Many doctors aren't asking teenagers about sex or sexuality, and those who do are spending just 36 seconds on the topic, on average. That's not much time to get into sexually transmitted diseases or birth control, let alone sexual orientation, dating or other big topics.
And teenagers are so bashful when it comes to asking questions about sex and health that they won't bring it up if the doctor doesn't, researchers say.
"They're so reluctant to interact," says Stewart Alexander, an associate professor of medicine at Duke University Medical Center who led the study, which was published Monday in JAMA Pediatrics. "No teen brought up the topic themselves, even if they wanted birth control."
Almost half of high-schoolers have had sexual intercourse, according to the Centers for Disease Control and Prevention, so clearly these are conversations that need to happen. But there are lots of reasons that they don't, the researchers say, beyond the obvious desire to avoid sensitive topics.
One is that teenagers don't go to the doctor very often. In the study, researchers taped conversations during 253 annual visits in North Carolina's Raleigh-Durham area, then analyzed them for content and how much time was devoted to various topics.
Teenagers were more likely to talk about sexuality if they were female, older and African-American, the researchers found. "For boys, you only get them for health maintenance visits for sports or camps," Alexander says. "If a boy comes in and has a problem with acne or ADHD medicine, that may override the preventive health stuff. There are other topics that are getting in the way."
Having a longer office visit helps, too. The teenagers spent nine minutes with the doctor, on average. In that time, doctors are supposed to go down a long checklist of topics from the American Academy of Pediatrics. Alexander timed how long it took to read the suggested questions on sexuality and sexual decision-making. There is no way a doctor can get through them in 36 seconds, Alexander told Shots, let alone hear the answers. "It's easy for things to get lost in the shuffle," Alexander says. "I don't want to bash doctors. They're required to do so much. They should do this. But it's hard."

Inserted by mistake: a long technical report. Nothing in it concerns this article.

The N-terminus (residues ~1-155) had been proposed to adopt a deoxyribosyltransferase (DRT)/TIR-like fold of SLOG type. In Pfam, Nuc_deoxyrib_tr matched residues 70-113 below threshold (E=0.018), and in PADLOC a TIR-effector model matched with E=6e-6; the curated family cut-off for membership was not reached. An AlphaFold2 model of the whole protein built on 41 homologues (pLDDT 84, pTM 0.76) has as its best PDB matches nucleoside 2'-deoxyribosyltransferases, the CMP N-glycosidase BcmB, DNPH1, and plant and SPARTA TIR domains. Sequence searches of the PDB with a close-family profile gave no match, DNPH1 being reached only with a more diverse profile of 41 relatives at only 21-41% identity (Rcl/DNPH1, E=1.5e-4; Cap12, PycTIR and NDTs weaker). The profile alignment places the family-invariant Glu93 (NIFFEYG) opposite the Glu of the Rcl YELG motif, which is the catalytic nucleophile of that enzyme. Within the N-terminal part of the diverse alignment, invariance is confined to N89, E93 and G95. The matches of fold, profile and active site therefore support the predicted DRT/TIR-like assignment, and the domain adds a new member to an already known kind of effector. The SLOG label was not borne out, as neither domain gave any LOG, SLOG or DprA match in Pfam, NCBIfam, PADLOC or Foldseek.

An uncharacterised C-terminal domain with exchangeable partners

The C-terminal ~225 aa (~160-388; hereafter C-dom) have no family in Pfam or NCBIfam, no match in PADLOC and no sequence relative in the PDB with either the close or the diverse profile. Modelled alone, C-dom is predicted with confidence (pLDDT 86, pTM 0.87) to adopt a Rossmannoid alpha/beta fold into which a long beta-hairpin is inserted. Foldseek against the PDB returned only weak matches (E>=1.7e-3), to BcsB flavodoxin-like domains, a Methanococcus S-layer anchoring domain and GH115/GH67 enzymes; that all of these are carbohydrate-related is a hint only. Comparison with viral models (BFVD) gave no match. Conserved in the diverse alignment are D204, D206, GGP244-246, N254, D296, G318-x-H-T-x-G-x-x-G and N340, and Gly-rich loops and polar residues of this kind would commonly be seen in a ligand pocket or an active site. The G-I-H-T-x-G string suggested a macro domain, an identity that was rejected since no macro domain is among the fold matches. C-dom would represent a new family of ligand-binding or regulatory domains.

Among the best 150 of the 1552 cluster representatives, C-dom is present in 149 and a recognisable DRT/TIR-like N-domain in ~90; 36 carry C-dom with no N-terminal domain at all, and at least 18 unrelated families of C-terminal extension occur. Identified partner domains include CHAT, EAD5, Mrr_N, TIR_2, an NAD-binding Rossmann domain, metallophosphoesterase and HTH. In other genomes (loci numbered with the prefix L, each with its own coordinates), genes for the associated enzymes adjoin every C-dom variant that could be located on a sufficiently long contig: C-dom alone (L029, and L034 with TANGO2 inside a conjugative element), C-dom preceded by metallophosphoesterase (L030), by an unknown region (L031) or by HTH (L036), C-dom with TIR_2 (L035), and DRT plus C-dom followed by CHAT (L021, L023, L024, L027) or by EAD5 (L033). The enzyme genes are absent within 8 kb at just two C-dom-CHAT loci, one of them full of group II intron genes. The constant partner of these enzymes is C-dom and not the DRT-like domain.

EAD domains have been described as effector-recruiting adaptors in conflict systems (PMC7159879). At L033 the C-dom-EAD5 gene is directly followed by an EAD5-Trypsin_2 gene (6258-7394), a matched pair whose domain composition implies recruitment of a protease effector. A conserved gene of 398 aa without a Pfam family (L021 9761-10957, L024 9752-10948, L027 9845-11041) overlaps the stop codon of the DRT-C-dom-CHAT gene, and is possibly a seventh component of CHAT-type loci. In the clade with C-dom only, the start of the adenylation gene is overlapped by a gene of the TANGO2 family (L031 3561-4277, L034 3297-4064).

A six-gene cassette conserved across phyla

Having a confidential conversation with just doctor and teen helps, too, the researchers found. But in these visits, that happened just one-third of the time. Mom and Dad are often to blame, Alexander says.
"It's hard to get the parent out of the room," Alexander says. But some doctors are good at explaining at the beginning of the visit that there's going to be time set aside for a confidential one-on-one, he says. "So when it's time to kick the parent out, it's not a surprise."
Parents can make it easier for their children to get the information they need by talking with their children about sexual development early on, says Bradley Boekeloo, a professor of behavioral and community health at the University of Maryland School of Public Health who wrote an editorial accompanying the study.
"Answer the questions when they come up, and start answering those questions early," Boekeloo told Shots. And parents can encourage both teenagers and doctors to discuss sex and health during office visits. "The physicians probably need as much support as the youth in a visit, in terms of logistics."
The good news, Boekeloo says, is that other studies have shown that teenagers really do feel comfortable with their doctors, and when they have actually had these conversations, they're glad they did. The same goes for talking about sex and sexuality with their parents.
"It's ultimately important to the adolescent," Boekeloo says. "And sometimes the conversations that occur in the car in the back seat on the way to the game or to school can be the best conversations."